Sharing of tacit knowledge is most important aspect of mentorship
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When it comes to education and mentorship, researchers believe that Albert Einstein had the right idea. The most important aspect of teaching isn't relaying facts but imparting tacit knowledge that students will build on for the rest of their lives.
In one of the largest ever multidisciplinary investigations into mentorship and mentee performance, the researchers found that the most impactful mentors are those who teach students to think independently and communicate their unique viewpoints effectively.
What the researchers say: “Communicating codified knowledge is relatively straightforward,” said the lead author. “It's written down in books and presentations. But it's the unwritten knowledge we intuitively convey through our interactions and demonstrations with students that makes a real difference for mentees.”
The researchers note that remote learning, which is becoming more common during the COVID-19 pandemic, may not be as effective a means of transferring such tacit knowledge, which could have long-term effects.
“Face-to-face interaction is essential. When we teach by doing, we are conveying tacit knowledge we don't even realize we have,” he said. “If we limit the face-to-face channel by which tacit knowledge is communicated, we potentially slow down the pace of learning and scientific breakthroughs, and that will affect us all.”
When mentors excel in transferring tacit knowledge, their protégés achieve two to four times greater success than similarly talented students of mentors who convey regimented knowledge but not tacit know-how, the researchers found.
In science, the most successful protégés were more likely to pioneer their own research topics, rather than follow in their mentors' research path. This finding contradicts the popular belief that the most successful protégés will be those who carry on their mentors' already successful work.
The study is among the first to look at objective protégé performance over the course of a career, drawing from genealogical datasets that track the relationships between mentors and students.
Previous research into the topic of mentorship has been done largely through self-reporting, often many years after the students graduate. That makes it subject to memory errors and personal biases, researchers say.
The researchers studied genealogical data on 40,000 scientists who published 1.2 million papers in biomedicine, chemistry, math or physics between 1960 and 2017.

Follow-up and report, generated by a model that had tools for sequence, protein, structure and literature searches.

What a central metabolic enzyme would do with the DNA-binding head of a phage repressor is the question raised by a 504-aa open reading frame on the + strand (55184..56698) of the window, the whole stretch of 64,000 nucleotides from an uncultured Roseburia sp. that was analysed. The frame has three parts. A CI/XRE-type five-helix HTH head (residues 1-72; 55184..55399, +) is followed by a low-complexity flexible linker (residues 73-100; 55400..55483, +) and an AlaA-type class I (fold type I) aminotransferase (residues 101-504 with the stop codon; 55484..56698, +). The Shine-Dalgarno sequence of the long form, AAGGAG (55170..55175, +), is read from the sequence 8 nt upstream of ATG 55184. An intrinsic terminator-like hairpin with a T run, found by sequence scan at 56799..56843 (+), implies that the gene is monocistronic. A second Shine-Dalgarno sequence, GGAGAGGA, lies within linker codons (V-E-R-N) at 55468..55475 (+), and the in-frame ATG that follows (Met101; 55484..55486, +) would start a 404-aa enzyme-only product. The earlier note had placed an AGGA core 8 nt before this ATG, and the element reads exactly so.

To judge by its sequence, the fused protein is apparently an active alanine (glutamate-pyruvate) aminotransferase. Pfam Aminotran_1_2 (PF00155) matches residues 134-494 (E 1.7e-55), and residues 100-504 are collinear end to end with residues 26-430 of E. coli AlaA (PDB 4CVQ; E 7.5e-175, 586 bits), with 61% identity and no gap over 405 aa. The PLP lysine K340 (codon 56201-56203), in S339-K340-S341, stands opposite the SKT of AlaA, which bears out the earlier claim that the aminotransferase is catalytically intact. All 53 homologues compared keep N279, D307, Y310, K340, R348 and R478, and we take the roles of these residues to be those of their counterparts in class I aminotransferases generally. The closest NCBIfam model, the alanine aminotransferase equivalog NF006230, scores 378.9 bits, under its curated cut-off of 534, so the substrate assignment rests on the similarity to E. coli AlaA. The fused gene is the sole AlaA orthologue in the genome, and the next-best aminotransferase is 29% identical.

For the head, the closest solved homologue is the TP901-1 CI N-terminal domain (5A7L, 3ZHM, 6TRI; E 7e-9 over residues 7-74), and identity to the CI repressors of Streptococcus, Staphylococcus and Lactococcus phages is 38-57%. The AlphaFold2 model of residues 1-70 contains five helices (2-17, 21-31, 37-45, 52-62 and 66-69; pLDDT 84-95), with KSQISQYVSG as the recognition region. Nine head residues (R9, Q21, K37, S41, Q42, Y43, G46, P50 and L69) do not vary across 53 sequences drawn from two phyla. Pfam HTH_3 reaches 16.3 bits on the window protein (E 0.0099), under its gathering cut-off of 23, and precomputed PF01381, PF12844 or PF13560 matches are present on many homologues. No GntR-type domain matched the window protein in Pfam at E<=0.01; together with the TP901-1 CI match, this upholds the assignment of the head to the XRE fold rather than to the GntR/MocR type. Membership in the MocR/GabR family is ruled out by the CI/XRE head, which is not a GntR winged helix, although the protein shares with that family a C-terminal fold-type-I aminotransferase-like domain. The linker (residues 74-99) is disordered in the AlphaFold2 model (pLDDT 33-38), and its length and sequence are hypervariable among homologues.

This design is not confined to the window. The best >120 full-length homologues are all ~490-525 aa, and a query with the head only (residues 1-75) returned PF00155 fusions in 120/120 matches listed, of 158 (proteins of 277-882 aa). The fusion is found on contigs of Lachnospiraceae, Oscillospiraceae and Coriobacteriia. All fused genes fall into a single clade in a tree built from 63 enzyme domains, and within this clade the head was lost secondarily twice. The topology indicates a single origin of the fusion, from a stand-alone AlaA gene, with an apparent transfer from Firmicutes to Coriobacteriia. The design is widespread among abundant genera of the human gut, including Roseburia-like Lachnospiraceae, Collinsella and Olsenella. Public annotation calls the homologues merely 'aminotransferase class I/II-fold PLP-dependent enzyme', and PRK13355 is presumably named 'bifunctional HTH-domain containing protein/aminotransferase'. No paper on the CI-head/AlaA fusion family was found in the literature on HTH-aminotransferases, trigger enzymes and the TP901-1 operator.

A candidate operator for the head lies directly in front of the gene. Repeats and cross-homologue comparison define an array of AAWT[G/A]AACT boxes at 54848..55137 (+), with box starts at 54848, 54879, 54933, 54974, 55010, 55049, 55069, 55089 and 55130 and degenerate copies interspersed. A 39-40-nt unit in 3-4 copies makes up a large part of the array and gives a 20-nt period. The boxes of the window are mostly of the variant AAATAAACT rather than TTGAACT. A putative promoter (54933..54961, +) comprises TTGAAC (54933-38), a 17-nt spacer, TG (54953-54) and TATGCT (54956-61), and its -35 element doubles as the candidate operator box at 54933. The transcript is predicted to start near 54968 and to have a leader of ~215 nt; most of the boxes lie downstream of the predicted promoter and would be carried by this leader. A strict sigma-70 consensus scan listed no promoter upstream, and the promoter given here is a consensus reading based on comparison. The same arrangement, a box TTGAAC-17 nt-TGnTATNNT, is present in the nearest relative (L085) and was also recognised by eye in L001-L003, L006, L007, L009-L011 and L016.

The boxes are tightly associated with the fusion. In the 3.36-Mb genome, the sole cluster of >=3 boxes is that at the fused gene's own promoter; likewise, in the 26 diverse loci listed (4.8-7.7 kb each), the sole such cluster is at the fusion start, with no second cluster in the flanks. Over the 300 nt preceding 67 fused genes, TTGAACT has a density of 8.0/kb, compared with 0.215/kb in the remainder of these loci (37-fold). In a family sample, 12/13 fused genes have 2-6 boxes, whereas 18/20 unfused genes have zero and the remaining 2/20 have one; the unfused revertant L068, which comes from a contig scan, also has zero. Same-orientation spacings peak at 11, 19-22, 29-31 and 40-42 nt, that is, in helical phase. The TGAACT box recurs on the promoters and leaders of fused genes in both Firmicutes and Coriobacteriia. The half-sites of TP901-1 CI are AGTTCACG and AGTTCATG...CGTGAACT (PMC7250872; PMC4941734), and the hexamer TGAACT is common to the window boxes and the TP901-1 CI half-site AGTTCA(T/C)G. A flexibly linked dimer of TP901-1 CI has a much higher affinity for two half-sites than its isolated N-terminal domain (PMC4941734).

To account for the fact that more successful mentors naturally attract more talented students, the researchers grouped mentors with similar records and reputation based on factors including institutional resources, productivity, number of students, citations and other measures of a mentor's skills, and they compared the performance of students within the same mentor peer group. However, one mentor in each peer group had a hidden talent for identifying key problems and producing compelling solutions that the other mentors did not have. These mentors were future scientific prizewinners.
To assess protégé success, the researchers considered only those students who studied under a mentor before that mentor won their scientific prize to control for selection bias and the halo effect a prizewinning mentor casts over their students.
After controlling for differences in mentorship skills and mentee talent, the researchers found that the most successful protégés studied under mentors displayed independent thought by breaking away from their mentors' lines of research.
So, what? This is really interesting research and backs up what earlier research has suggested: that it is better to teach students, coaches and mentees to think independently and to question assumptions than to know facts. A mentor of mine very wisely said that science, politics, economics and even psychology is stuck in the miasma of “how,” and “how-to” rather than in the more interesting and liberating zone of “why?”
“Never stop asking ‘why?’” he said. “Any answer is merely a steppingstone to the next question, to the next ‘why?’”
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